Small size, large populations, make species formation difficult?
|November 12, 2013||Posted by News under speciation, Tree of life, News|
A recent op-ed in The Scientist raised once again the question of when and where the very concept of “species” has validity.
In the previous post about Cretacean extinctions, I referred to extinct bee groups, not “bee species.” Intentionally.
The species concept is central to the checkboxes of orthodox biology, as in Darwin’s Origin of Species, the Holy Book which was written (as all true believers attest) before time began and before all worlds.
But is it nearly so central to the behaviour of the majority of actual life forms on this planet? Ecologist Axel G. Rossberg wonders:
The biological intuition about species formation is mostly based on observation of birds, mammals, and other larger creatures. However, it is the meiofauna (of body size around 0.05–1 mm) and smaller microorganisms that dominate biodiversity and ecosystem functioning on Earth. It is therefore important to ask if our current understanding of species formation is applicable to these organisms.
One way to approach this problem is through the study of simplified evolutionary models. Analysis of these models can give insights into real-world processes happening over many millions of years that cannot be directly observed. In this context, species formation can be interpreted as a particular instance of the general phenomenon of self-organized pattern formation. Just as a jet of water can break up into little drops, but will do so only under certain conditions, the ancestral tree of life on Earth may, near the tips of its branches, become structured into distinct species when the conditions are right. [Colour emphasis added.]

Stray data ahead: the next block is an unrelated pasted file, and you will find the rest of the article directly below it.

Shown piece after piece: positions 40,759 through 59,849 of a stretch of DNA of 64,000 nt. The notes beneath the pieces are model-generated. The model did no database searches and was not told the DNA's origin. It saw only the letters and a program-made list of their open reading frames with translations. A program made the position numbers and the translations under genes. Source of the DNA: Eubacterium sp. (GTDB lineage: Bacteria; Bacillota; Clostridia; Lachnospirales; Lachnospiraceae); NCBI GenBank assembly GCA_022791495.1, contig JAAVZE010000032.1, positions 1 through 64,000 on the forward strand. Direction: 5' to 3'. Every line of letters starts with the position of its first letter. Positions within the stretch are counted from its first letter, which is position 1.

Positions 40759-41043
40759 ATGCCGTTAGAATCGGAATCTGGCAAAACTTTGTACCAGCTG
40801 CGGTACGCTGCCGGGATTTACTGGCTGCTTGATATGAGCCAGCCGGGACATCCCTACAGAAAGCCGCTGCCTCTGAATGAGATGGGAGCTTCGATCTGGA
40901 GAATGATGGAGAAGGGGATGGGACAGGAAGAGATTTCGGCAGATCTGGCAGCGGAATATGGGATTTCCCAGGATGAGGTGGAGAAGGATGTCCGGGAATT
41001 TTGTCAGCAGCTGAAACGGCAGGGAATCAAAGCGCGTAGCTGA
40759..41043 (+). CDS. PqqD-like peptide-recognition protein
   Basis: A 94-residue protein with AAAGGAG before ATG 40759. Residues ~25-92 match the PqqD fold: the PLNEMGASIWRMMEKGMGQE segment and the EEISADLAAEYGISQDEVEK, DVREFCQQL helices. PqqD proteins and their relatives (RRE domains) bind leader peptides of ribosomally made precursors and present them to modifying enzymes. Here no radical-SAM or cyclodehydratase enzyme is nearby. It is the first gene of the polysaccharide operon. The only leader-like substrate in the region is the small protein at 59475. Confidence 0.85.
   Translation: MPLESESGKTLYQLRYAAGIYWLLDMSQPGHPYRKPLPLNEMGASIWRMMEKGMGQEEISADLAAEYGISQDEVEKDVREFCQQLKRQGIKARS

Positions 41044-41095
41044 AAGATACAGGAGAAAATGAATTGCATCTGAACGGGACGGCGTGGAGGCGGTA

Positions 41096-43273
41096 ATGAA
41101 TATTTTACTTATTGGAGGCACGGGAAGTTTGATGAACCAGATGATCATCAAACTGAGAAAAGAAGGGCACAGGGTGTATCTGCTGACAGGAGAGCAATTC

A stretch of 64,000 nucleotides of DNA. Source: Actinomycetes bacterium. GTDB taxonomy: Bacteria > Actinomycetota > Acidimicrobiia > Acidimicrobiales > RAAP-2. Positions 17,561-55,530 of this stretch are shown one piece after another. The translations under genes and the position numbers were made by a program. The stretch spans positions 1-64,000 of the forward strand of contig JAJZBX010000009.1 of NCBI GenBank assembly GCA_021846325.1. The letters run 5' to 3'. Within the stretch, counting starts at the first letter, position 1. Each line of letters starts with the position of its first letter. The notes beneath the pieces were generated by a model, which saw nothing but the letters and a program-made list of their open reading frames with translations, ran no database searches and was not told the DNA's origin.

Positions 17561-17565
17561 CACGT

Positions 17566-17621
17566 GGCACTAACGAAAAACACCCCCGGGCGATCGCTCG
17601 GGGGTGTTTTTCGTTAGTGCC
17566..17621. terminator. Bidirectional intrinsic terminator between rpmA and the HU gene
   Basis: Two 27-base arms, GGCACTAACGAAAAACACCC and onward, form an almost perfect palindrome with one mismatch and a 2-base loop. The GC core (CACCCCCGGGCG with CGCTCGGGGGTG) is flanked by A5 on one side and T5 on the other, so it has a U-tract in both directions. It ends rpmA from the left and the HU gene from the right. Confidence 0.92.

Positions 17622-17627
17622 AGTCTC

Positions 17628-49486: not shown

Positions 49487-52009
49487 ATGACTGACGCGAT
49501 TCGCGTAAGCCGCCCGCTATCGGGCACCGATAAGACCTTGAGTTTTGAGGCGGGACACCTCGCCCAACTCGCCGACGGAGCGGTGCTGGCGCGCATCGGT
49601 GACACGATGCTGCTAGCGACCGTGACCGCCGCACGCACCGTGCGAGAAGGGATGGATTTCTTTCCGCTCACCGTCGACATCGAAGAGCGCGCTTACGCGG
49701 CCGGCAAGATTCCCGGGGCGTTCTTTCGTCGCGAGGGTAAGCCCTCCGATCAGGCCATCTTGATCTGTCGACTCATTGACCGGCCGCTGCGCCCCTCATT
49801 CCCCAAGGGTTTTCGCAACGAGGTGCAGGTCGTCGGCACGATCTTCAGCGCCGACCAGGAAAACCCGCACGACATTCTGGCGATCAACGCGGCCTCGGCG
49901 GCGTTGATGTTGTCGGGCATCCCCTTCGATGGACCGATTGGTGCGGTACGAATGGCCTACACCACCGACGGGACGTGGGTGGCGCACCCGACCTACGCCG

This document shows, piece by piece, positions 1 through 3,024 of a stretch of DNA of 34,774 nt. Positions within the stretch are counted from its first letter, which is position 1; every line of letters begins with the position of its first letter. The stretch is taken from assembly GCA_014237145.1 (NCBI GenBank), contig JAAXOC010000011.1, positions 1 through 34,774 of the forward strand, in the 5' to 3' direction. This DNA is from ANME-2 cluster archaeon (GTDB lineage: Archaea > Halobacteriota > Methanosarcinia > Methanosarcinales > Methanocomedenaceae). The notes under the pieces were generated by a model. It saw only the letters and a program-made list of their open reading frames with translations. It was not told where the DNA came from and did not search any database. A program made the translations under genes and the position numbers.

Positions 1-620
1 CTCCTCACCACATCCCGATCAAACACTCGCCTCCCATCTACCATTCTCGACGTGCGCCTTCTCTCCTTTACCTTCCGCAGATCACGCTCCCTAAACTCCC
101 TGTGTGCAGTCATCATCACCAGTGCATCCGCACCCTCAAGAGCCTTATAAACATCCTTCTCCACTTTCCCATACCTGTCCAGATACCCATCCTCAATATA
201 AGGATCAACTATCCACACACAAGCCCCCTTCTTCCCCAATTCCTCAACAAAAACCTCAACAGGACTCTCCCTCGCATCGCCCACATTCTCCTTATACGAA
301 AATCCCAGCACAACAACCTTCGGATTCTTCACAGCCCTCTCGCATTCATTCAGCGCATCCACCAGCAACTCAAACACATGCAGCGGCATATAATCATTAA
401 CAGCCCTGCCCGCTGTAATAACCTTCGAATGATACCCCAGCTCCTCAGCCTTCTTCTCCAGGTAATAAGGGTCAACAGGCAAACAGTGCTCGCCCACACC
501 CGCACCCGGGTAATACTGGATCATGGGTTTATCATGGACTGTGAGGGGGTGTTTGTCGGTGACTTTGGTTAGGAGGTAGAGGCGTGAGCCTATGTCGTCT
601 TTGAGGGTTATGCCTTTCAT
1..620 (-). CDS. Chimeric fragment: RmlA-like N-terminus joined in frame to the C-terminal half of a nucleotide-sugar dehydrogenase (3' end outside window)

We predict that at around the millimeter scale of body size and smaller, populations become large enough to prohibit species formation. This is consistent with results of recent work in the field of environmental genomics, in which organisms are collected from environmental samples and parts of their genomes are read using high-throughput sequencing.
This op-ed may be a way of opening a sustained, long-overdue discussion of just what relevance “species” has in many situations. But this effort, like so many others, will probably just fall down the memory hole. Too many legacies and careers at stake now.